Walk is disdainful of the in-vogue mantra of a “just transition” to clean energy jobs for people in his community, who are, studies show, at increased risk of diseases of the heart, kidney and lung, as well as other conditions such as asthma, from living amid the air and groundwater pollution of coalmining projects. Coal is also the dirtiest of fossil fuels, supercharging the global heating that has spurred the astronomical temperatures that have scorched the US and elsewhere this summer.
“They want to hem and haw about a just transition, to me that’s just an excuse for inaction,” said Walk, who is unsentimental about the popular image of the put-upon, toiling coalminer that Trump tapped into during his 2016 presidential run, when, during a rally, he donned a helmet and mimed using a shovel.
“People are getting sick and dying because of this activity. What comes after that isn’t up to me, it’s not my problem. I don’t care. These people hitched their wagon to a dying coal industry, they can be out of work for all I give a shit.”
The industry might dispute the idea that it is dying, but it is certainly in decline. Coal was discovered in what is now West Virginia in 1741, with white settlers striking upon seemingly endless seams of the bituminous rocks that streaked the entire state. As industrialization took hold, coal became America’s blackened backbone—it provided electricity for street lights, steel for cars and wartime tanks, the heat for kitchen stoves. It created, for a time, boomtowns in West Virginia that are still the talk of older locals.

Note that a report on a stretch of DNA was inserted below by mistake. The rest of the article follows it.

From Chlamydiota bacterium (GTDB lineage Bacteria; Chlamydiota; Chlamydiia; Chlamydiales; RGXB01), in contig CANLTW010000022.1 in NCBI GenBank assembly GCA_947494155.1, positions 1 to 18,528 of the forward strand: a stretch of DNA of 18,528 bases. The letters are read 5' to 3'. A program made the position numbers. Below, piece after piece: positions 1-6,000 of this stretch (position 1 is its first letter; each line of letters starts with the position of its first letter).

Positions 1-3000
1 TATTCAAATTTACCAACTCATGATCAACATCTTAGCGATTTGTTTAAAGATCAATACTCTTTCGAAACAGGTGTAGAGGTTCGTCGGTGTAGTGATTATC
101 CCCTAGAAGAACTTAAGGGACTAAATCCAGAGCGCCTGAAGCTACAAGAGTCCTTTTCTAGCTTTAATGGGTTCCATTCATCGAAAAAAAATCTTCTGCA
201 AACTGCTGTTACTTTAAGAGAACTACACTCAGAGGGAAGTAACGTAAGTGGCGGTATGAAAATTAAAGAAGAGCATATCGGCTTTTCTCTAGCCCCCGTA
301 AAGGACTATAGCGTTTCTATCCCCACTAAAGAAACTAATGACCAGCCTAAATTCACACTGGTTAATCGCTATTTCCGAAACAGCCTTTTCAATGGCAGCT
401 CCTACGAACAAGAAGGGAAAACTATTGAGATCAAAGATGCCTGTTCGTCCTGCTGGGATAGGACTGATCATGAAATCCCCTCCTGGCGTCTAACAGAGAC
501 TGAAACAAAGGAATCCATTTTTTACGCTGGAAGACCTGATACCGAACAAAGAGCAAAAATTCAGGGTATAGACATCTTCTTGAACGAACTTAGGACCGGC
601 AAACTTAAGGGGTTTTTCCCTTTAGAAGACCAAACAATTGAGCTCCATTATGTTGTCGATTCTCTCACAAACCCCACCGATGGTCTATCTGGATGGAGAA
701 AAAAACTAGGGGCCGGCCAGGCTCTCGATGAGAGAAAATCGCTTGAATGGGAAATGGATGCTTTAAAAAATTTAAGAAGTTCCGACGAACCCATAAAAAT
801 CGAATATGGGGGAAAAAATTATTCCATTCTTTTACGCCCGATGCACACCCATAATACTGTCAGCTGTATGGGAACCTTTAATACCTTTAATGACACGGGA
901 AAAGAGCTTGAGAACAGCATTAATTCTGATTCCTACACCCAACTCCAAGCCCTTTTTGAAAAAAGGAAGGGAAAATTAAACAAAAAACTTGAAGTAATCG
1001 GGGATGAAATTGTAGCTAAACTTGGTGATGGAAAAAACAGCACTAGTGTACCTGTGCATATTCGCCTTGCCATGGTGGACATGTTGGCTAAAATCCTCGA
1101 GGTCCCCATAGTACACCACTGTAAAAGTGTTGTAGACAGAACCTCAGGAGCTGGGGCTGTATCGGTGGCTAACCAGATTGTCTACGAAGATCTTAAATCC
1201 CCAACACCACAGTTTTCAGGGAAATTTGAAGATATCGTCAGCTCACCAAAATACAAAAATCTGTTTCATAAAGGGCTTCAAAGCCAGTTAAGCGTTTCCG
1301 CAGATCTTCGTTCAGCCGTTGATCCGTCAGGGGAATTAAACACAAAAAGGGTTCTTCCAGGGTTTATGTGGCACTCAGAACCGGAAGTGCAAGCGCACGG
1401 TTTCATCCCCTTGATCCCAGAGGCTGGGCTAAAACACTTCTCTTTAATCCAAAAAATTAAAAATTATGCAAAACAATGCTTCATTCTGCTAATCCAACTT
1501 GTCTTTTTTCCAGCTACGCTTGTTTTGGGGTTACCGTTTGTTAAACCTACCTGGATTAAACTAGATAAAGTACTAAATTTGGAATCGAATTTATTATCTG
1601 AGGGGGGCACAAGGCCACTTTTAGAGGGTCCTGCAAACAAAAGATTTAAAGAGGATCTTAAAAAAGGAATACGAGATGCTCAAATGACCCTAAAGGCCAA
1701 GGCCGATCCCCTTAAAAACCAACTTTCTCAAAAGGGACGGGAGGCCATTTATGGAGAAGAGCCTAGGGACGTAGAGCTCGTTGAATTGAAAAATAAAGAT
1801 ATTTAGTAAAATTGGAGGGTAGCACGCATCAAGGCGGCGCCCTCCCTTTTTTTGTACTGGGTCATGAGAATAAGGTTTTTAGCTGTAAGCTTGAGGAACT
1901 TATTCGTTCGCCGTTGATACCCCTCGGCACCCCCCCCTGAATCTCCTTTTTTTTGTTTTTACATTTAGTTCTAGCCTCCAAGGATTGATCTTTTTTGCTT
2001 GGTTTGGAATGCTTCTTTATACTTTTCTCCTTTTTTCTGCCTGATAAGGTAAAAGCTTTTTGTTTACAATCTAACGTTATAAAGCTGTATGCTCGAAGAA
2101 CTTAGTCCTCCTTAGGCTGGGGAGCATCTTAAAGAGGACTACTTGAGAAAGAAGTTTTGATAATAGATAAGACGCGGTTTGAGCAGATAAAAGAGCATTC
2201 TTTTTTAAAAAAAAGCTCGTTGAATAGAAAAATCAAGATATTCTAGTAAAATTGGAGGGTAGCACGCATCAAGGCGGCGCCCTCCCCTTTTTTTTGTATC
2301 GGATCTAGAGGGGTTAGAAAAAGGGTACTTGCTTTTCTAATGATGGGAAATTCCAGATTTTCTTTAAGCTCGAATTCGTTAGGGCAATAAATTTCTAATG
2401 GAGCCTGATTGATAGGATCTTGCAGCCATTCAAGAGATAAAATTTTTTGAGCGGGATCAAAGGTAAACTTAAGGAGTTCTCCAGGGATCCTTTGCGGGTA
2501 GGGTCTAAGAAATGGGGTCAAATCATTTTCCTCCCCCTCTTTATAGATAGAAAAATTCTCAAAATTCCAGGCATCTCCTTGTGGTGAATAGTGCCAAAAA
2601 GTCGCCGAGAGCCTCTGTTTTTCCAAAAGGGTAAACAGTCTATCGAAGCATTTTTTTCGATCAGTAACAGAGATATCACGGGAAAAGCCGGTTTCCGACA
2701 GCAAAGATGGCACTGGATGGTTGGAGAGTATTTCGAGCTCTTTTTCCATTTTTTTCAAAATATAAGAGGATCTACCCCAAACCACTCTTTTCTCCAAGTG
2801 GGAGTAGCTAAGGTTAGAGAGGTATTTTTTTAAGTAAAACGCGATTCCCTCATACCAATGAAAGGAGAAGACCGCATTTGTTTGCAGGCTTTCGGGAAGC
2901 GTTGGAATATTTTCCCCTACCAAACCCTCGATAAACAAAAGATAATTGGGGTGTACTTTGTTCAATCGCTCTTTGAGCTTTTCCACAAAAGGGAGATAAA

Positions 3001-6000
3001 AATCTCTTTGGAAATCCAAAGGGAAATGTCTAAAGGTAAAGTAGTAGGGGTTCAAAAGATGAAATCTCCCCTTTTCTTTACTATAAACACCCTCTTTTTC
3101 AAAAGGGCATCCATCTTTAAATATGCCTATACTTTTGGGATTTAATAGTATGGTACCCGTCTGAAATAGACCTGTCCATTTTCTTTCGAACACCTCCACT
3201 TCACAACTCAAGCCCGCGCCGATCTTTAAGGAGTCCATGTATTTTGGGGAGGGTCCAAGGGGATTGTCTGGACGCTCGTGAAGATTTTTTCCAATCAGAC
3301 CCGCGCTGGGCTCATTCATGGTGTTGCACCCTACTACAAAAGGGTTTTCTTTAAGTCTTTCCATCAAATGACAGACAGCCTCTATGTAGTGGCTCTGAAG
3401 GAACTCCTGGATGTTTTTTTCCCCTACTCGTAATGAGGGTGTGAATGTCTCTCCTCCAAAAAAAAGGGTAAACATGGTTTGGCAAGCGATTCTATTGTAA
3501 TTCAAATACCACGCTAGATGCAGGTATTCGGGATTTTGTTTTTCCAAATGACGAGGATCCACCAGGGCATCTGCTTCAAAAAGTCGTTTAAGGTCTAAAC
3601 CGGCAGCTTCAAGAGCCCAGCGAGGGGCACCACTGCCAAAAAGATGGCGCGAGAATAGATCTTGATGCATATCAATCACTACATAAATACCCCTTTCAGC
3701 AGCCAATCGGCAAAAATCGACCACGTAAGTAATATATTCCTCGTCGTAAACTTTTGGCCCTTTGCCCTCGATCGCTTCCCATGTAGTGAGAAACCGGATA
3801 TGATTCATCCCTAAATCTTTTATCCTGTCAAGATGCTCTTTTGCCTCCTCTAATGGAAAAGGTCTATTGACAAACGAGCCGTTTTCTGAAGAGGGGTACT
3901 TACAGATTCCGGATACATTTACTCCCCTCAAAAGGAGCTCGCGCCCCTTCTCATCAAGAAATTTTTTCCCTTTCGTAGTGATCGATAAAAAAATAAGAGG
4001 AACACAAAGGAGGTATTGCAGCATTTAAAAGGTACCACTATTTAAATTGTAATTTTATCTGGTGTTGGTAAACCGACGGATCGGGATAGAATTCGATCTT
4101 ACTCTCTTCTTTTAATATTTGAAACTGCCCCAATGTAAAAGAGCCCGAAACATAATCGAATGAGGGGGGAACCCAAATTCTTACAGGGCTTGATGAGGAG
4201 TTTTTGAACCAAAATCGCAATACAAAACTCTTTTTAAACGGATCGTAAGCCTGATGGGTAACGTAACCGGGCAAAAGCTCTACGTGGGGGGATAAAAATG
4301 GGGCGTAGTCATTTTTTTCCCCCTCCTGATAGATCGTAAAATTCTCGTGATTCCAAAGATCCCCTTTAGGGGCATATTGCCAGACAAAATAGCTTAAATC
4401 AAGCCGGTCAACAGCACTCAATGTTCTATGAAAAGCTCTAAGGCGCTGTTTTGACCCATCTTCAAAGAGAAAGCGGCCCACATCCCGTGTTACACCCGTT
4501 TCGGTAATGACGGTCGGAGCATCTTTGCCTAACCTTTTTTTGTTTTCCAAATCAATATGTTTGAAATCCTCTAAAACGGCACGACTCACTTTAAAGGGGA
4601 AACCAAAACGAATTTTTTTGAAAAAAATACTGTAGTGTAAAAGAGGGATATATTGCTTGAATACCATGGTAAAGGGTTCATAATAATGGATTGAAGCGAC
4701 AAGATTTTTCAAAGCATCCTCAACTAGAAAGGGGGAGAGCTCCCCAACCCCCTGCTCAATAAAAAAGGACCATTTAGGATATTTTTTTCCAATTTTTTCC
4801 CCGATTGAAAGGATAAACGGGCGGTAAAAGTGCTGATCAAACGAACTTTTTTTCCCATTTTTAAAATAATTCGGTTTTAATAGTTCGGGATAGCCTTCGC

Much of that has now gone. West Virginia produces about half the coal it did in 2001, with the coal industry, nationally, now employing fewer people than Arby’s. The advent of mechanization, which requires fewer coal workers, and fracked gas, which has displaced coal as the fuel of choice for power grids, has left behind hollowed-out towns, marred by addiction and tumbledown buildings.
The state’s Republican leadership has, however, refused to countenance a shift to fresh opportunities, such as renewable energy or even to capitalize upon West Virginia’s rugged natural beauty by tempting remote workers from major cities—the state’s rural heartland has a chronic lack of broadband internet.
“I owe my life to this right here,” said Jim Justice, West Virginia’s governor, in March as he brandished a lump of coal, before signing the latest in a series of bills aimed at propping up the ailing industry. Justice, who made a fortune from his own coal interests, considers mulling a future without coal as “frivolous” and has sought to rescue struggling coal plants and force utilities to retain it as a fuel source.
“Coal is such a source of pride and identity but the state’s political leaders are in denial about the need to transition from it, it’s a massive failure of leadership,” said James Van Nostrand, an expert in energy and sustainable development, who recently departed West Virginia University.
“Coal is being crushed by overwhelming market forces but the state has just doubled down on it. It’s the classic resource curse—the counties in the state with mining are the poorest. There is no opportunities, people are trapped because their rotting houses are worth almost nothing, the conditions are awful. Coal companies scar the landscape and taxpayers pay to clean it up. It’s shameful.”
For Walk, the fight to change the entrenched status quo can sometimes feel futile. He did once dream of going to art school, of leaving this place as many young people aim to do. But he’s now resigned to continue tangling with coal for the remainder of his days.
“I can’t give up,” he said. “They’ve already pretty much won. They can do whatever the hell they want, but I’m still alive. I’m still breathing, and so I’m going to cost them as much money as I humanly can while I’m still on this earth. Because I’m right and they’re wrong.”